THE history of Hannah is very properly chosen as the subject of
this little tract; the good advice which it contains of a religious and prudential kind, and the familiar friendly style in which it is drawn up, intitle it to the notice of those Societies and Individuals for whose use it is benevolently designed.
Art, XXV. A Letter to the Right Rev. the Lord Bishop of London; containing a Statement of the immoral and disgraceful Scenes which are every Evening exhibited in the public Streets by Crowds of halfnaked and unfortunate Prostitutes. To which is added, a Postscript, containing an Address to the Magistrates of London, Westminster, and the Borough of Southwark. By a Citizen. The Profits of this Publication will be given for the Support of the London Female Penitentiary. 8vo. pp. 36. Price 1s. Williams and Co. 1808.
THE purpose of this letter is evident from the title; it is addressed to
the venerable Prelate, with the hope of prevailing on him to exert his influence by means of the clergy and parochial officers within his jurisdiction and the precise object to which the worthy writer would direct their efforts, is to drive from the public streets into less secure and accessible haunts, a nuisance which has of late become much more extensive and insulting than at any former period. Whatever may be thought of other projects for diminishing the evil, we conceive that this at least is practicable, that it is liable to no sound objection, and that it might be rendered to a very great extent efficacious and salutary. The public is much indebted to all writers who excite their attention to those shameful and pernicious practices which disgrace the police of the metropolis; but far more to those who call on the proper persons, and point out the proper methods, to remove the evils which they denounce.
ART. XXVI. SELECT LITERARY INFORMATION.
Gentlewen and Publishers who have works in the press, will oblige the Conductors of the ECLECTIC REVIEW, by sending information (post paid,) of the subject, extent, and probable price of such works; which they may depend upon being communicated to the public, if consistent with its plan.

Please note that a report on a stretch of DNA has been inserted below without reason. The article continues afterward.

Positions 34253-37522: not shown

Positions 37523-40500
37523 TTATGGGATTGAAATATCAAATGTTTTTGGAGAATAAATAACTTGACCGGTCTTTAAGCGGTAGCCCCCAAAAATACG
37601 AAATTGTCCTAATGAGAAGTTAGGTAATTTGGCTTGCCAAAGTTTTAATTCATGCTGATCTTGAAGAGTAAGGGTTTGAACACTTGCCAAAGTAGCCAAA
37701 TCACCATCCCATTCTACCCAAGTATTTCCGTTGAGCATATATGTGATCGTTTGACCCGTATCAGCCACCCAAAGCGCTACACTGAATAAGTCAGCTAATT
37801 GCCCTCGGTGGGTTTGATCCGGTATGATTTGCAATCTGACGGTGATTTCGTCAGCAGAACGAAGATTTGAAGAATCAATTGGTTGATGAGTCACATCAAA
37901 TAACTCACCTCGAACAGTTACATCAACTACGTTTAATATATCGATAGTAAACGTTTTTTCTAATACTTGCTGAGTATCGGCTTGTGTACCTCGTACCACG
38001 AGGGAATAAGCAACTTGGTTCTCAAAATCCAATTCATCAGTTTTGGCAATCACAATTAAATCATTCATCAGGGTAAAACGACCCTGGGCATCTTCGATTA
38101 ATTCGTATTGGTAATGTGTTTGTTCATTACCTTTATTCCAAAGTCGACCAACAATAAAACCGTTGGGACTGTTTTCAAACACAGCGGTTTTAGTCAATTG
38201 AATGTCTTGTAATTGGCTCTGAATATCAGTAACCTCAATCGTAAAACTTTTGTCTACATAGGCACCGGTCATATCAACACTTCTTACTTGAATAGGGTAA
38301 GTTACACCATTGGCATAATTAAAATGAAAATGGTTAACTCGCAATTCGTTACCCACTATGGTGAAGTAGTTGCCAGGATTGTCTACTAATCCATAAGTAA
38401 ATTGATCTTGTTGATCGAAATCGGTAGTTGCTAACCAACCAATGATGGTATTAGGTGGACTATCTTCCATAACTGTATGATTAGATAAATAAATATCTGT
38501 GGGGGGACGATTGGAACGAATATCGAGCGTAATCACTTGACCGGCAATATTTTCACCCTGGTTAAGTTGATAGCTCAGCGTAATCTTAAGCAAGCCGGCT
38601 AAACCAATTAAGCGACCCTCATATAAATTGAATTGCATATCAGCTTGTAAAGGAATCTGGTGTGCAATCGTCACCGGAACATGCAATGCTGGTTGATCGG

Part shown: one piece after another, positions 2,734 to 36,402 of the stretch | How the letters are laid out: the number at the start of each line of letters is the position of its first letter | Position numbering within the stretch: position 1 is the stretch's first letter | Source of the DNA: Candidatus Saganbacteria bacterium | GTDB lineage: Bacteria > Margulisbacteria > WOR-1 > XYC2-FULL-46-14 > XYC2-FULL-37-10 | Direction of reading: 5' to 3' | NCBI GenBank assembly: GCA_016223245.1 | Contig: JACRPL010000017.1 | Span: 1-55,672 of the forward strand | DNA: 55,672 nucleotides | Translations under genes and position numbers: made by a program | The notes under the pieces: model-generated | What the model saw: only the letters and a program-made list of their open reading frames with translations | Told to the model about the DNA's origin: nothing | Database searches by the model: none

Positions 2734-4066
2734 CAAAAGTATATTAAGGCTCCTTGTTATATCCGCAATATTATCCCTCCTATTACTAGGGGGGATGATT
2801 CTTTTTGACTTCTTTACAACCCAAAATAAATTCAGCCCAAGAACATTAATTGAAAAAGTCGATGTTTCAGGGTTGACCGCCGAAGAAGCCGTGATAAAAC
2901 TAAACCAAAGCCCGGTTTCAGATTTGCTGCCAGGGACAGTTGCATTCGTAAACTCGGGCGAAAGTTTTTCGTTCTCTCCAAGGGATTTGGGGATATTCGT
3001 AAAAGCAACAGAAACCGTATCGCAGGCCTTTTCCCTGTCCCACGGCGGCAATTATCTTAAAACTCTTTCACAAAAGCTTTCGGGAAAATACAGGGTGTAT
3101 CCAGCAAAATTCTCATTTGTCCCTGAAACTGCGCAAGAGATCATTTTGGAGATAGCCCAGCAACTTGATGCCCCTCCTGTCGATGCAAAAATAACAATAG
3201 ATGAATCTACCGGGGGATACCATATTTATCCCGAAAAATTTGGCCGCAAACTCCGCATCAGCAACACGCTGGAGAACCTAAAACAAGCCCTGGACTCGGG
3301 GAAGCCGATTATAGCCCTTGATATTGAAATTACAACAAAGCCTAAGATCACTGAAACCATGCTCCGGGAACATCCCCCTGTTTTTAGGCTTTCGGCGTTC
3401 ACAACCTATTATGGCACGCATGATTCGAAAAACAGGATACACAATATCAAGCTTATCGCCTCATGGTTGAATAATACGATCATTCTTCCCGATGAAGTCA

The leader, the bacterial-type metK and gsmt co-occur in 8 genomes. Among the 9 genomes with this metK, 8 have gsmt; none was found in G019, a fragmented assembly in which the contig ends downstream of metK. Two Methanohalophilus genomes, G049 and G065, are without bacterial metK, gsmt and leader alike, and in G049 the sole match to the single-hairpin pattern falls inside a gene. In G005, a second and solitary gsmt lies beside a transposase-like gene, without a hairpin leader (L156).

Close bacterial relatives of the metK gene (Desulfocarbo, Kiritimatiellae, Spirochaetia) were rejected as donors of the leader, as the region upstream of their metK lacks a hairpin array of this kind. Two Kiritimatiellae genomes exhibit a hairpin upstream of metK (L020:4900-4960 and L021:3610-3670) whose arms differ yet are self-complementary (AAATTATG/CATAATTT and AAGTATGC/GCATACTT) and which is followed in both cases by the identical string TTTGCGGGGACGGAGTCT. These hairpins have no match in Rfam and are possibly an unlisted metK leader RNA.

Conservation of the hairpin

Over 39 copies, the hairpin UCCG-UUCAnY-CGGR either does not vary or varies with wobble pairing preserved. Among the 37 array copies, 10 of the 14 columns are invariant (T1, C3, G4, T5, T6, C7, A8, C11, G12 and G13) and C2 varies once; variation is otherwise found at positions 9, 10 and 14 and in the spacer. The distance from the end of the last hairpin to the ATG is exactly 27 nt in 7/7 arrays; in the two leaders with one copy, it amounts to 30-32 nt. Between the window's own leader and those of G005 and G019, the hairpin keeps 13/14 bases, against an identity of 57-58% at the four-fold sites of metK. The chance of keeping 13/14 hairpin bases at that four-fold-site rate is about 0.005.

Soon will be published, in ten sheets, a Topographical Map of the Pyrenees, principally taken from the French survey, with considerable additions, extending from Bayome and Perpignan in the North, to the mouth of the Ebro and Burgos in the South; including the Provinces of Arragon, Catalonia, Navarre, and Biscay. By A. Arrowsmith. This Map will exhibit every small Village, and other Objects of Note, with all the minute and difficult passes through this great barrier, inhabited on both sides of the Mountains.. Price three guineas to subscribers, to whom the map will be delivered in the order it is subscribed for. The price will be advanced to non-subscribers.
On the first of January, 1809, and on the first of every succeeding month, will be published, under the authority of the Secretary at War, a Monthly Army List, of a Pocket Size; to contain, in addition to the General, Field, and Regimental Officers, the Names of all Officers employed upon the Staff of the Army, both at Home and Abroad, in the Civil as well as Military Departments.
In a few days will be published, in 2 vols." 4to. 51, 5s. and imperial 8vo. 31. 3s. in extra boards, embellished with forty highly finished engravings, from designs, by S. Howlett, engraved under the direction of E. Orme, and printed in a superior style, by W. Bulmer. The Indian Sportsman, a complete description of the Wild Sports of the East; the Elephant-RhinocerosTiger-Leopard — Bear-Deer-BuffaloWolf-Wild Hog-Jackall-Wild Dogthe Civet, and most other undomesticated animals; also the feathered game-Fishes
and Serpents. Interspersed with a variety of interesting anecdotes relative to their habits. The scenery gives a faithful representation of that Picturesque Country, the Manners, and Customs of the Native and European Inhabitants. By Capt. Tho. mas Williamson, upwards of twenty years resident in Bengal.
Messrs.. Leigh and S. Sotheby will sell by auction, during this Winter and succeed
lections. Due notice will be given of the time of each sale.
1. A very rare and curious collection of prints and books of prints, the property of a Gentleman, well known as a Literary Amateur, containing some rare Portraits, fiue Specimens of carly Masters, and a large collection of the Works of Hieronymus Wierx, &c.
2. The extensive and valuable collection of Botanical Prints, Drawings, and Books of Drawings, the property of the late John, Earl of Bute; comprising many hundred capital Botanical Drawings on paper and vellum; likewise all the plates, coloured and plain, of the Botanical Works then extant, formug a complete illustration of the Species Plantarum.
3. A select collection of Books, in Greek, Latin, English, Italian, and Spanish; being a considerable part of the Rev. Mr. Dutens's Library.
4. Library of James Sims, M, D. LL. D. F. R. S. brought from his house in Finsbury square.